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From the field

Israeli security forces continue blasting homes with HCJ approval, demolishing other nearby homes in the process

On the night of 3 December 2015, Israeli military forces entered Nablus and blew up the home of Ragheb ‘Aliewa’s wife and two-year-old son. ‘Aleiwa is accused of involvement in the attack in which Na’ama and Eitam Henkin were killed on 1 October 2015. The demolition was carried out subsequent to the 1 December 2015 ruling by the High Court of Justice (HCJ). In a majority decision, the HCJ dismissed the petition filed by the family and human rights organization HaMoked: Center for the Defence of the Individual against the demolition. The explosive blast in the family’s apartment, located on the second floor of a four-story building, damaged other apartments in the building as well. The adjacent apartment, where Ragheb’s brother, Raed ‘Aliewa lived with his wife and their three young children (all minors) was completely destroyed and is no longer habitable. Damage was also caused to two apartments on the first floor, where ‘Aleiwa’s parents live as does another brother with his wife and children.

Ruins of ‘Aliewa home, Nablus. Photo by Salma a-Deb’i, B’Tselem, 3 December 2015
Ruins of ‘Aliewa home, Nablus. Photo by Salma a-Deb’i, B’Tselem, 3 December 2015

On the previous day, 2 December 2015, a large complement of police and military personnel entered Shu’fat R.C. in East Jerusalem and blew up the family home of Ibrahim ‘Akari, who killed Jad’an As’ad, a Border Police officer, and Shalom Aharon Ba’adani, by ramming his car into them on 5 November 2014. ‘Akari himself was shot to death during the incident by a Border Police officer. On 1 December 2014, the HCJ dismissed the petition filed by ‘Akari’s wife Amira ‘Akari, his brother Mansur ‘Akari and HaMoked against the demolition order issued for the apartment occupied by Amira ‘Akari and her five young children (all minors), which is located on the top floor of a three-story building. The state failed to meet the undertaking it gave before the HCJ that “all required measures will be taken by the respondent to minimize possible damage to the apartments adjacent to the terrorist’s apartment”. The explosion caused serious damage to three adjacent apartments which are no longer habitable and left another 14 additional, including seven minors, without a home.

In the last two demolitions, the damage Israeli authorities caused to six adjacent apartments was so extensive as to render them unhabitable. As a result, 27 people -including 16 minors - who stand accused of no wrongdoing were left homeless.

Ruins of ‘Akari home, Sh’ufat R.C. Photo by Mus'ab 'Abbas, B’Tselem, 2 December 2015
Ruins of ‘Akari home, Sh’ufat R.C. Photo by Mus'ab 'Abbas, B’Tselem, 2 December 2015

Even without damage to adjacent homes, the demolition or sealing of homes is a draconian, vindictive measure and is used against entire families who have done nothing wrong, and are suspected of no wrongdoing. B’Tselem has previously documented the destruction of homes adjacent to those slated for demolition by explosives. A comprehensive report B’Tselem published in 2004 revealed that 295 homes, about half of the homes destroyed between 2001 and 2004, were homes that were never alleged to house individuals who perpetrated attacks against Isarelies. This left 1,286 people homeless, in addition to those whose home Israel explicitly slated for demolition.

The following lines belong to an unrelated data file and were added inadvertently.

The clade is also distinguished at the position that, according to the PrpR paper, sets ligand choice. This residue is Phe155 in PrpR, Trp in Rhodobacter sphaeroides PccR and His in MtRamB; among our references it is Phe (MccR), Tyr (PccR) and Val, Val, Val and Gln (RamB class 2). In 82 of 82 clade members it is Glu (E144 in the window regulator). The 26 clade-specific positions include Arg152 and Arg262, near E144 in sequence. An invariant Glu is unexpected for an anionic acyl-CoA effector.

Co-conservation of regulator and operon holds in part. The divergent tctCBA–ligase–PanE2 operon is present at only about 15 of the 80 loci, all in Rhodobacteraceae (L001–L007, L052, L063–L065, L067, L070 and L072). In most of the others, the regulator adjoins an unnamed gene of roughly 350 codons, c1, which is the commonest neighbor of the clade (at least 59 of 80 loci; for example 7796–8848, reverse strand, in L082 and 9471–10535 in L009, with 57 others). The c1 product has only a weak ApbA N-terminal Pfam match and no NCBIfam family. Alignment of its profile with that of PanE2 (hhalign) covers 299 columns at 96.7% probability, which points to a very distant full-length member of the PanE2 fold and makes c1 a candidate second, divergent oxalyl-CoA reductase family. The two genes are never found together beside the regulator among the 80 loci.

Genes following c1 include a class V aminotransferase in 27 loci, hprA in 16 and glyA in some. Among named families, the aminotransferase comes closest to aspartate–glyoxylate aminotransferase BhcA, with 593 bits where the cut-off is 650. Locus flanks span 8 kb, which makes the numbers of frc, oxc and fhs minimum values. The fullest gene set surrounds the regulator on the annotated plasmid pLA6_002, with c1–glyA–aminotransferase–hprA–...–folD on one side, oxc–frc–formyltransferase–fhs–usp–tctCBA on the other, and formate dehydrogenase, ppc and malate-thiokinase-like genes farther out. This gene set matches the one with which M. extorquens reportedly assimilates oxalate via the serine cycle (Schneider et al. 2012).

Since 1967, when the West Bank was occupied, the military has demolished and sealed hundreds of homes as a punitive measure against relatives of Palestinians who had harmed Israelis or were suspected of doing so. This policy has left thousands of people, including young children, homeless, though they themselves were not suspected of any offense, nor was anything alleged against them. In 2005, the military discontinued this policy, after a committee appointed by the security establishment reached the conclusion that its disadvantages outweighed its advantages. Home demolitions resumed in July 2014 shortly after the kidnapping and killing of three Yeshiva students in the Bethlehem area. Israeli authorities argued that the resumption was justified given the radical change in circumstances. As of October, Israel has stepped up its use of punitive house demolitions. In October, authorities blew up three homes, destroying two adjacent apartments in the process, and also sealed one apartment. In November, Israeli authorities demolished 14 homes, eight of which were not slated for demolition. Following the demolitions of the last few days, the number of apartments demolished or sealed by the Israeli authorities since early October has reached 26. Most (14) of these homeswere not the subject of demolition/sealing orders.

The justices of the Supreme Court repeatedly allow the state to use this drastic measure, which constitutes collective punishment and is prohibited under international law. They do so despite the severity of the measure and the clear position of legal scholars both in Israel and abroad that it is unlawful. The justices continue to take at face value the state’s pledges that every effort will be made to avoid the destruction of other homes, even though more than half of the apartments demolished over the past two months had not been the subject of orders. The court itself ruled that judicial review is required whenever house demolitions are used as a punitive measure. However, since the ruling was made, the court has approved almost every single case brought before it. This cannot pass for judicial review, nor is it what judicial review is meant for. The court is expected to prevent the state from acting unlawfully, but when it comes to punitive house demolitions, with or without an order, it fails to fulfil its role.